• Officers at Fort Jay, 1912.

    Governors Island

    National Monument New York

Management

Fort Jay: Special Orders for Prisoner Guards, August 1959

After World War II, most of the soldiers at Fort Jay were military police who directed traffic, kept order on the island and guarded prisoners at Castle Williams under these orders.

NPS Museum collection GOIS-0117.

The National Park Service cares for special places saved by the American People so that all may experience our heritage. To do that we have laws and policies that point the direction, plans to do the specific things and friends and partners that share a common vision about those special places.

Our Partners - Here are a listing of groups and organizations that share an interest in Governors Island National Monument

Laws & Policies - Presidental proclaimations establishing Governors Island National Monument in 2001 and 2003 are located here. Also find our park compendium of monument-specific rules and regulations on public use and activities.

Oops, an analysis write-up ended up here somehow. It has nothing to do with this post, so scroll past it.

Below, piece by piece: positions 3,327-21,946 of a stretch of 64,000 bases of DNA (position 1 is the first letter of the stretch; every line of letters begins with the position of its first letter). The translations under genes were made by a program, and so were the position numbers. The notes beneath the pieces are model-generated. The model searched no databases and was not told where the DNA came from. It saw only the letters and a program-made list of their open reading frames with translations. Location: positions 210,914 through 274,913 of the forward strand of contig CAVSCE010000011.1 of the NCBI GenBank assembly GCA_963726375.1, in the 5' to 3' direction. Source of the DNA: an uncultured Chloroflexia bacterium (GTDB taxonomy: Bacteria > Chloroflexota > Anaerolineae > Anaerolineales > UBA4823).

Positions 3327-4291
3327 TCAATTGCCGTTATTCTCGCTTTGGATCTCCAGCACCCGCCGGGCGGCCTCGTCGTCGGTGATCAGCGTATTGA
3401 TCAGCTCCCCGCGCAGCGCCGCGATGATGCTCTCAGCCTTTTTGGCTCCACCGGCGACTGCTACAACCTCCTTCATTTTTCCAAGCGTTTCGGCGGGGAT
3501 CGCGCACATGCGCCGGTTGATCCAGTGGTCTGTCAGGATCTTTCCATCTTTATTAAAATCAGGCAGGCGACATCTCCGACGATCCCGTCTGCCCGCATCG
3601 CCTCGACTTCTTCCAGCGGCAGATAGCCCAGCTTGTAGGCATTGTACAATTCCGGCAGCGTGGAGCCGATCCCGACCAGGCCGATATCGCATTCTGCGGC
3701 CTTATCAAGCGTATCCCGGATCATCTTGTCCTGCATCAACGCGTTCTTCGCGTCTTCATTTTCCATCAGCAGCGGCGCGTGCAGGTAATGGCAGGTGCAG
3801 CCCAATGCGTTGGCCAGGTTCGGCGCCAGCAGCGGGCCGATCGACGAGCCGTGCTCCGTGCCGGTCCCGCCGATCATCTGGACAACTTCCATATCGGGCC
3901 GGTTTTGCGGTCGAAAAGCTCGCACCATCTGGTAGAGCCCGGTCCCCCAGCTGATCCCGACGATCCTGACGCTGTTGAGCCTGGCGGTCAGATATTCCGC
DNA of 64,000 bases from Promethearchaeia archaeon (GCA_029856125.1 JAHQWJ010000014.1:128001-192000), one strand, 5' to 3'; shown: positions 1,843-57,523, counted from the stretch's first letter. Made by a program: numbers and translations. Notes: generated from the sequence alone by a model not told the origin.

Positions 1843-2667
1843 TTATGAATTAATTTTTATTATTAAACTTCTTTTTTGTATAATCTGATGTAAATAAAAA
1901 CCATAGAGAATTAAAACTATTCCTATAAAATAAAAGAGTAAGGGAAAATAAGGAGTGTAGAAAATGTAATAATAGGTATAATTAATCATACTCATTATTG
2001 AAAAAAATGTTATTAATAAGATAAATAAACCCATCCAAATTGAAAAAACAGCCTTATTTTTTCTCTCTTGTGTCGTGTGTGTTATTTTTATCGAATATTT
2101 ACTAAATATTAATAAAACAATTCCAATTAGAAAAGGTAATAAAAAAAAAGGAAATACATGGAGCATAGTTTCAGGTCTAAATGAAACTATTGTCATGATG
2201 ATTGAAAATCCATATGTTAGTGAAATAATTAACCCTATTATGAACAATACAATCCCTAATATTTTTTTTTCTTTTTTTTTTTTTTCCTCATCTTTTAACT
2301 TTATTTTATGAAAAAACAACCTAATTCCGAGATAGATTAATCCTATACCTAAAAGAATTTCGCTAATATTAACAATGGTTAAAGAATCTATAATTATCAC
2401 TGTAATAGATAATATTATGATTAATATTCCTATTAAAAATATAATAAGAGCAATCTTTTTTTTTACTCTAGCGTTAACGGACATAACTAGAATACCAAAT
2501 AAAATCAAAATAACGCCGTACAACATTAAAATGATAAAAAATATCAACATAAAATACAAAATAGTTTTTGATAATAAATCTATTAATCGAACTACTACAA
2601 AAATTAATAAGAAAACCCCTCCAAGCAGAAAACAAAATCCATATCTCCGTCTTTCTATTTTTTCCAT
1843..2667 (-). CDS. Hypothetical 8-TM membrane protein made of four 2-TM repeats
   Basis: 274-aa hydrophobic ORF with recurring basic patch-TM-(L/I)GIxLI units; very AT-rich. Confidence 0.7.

Park Planning - Our long range plan, a general management plan approved in 2007, can be found here.

Special Use Permits - Information and application forms for using Governors Island National Monument for commercial filming, artistic exhibits and installations or special events.

Did You Know?

U.S. Army Air Corps Colonel Hap Arnold in the 1930s.

Henry “Hap” Arnold (1886-1950), a founding father of the modern U.S. Air Force, got the itch to fly while a second lieutenant in the infantry at Fort Jay in 1909, watching biplanes take off and land on Governors Island. His commanding officer told him that he knew of no better way to commit suicide. In 1911, he learned to fly with the Wright brothers and would go on to become the first five-star general of the Army Air Corps and the first and only five star general of the U.S. Air Force.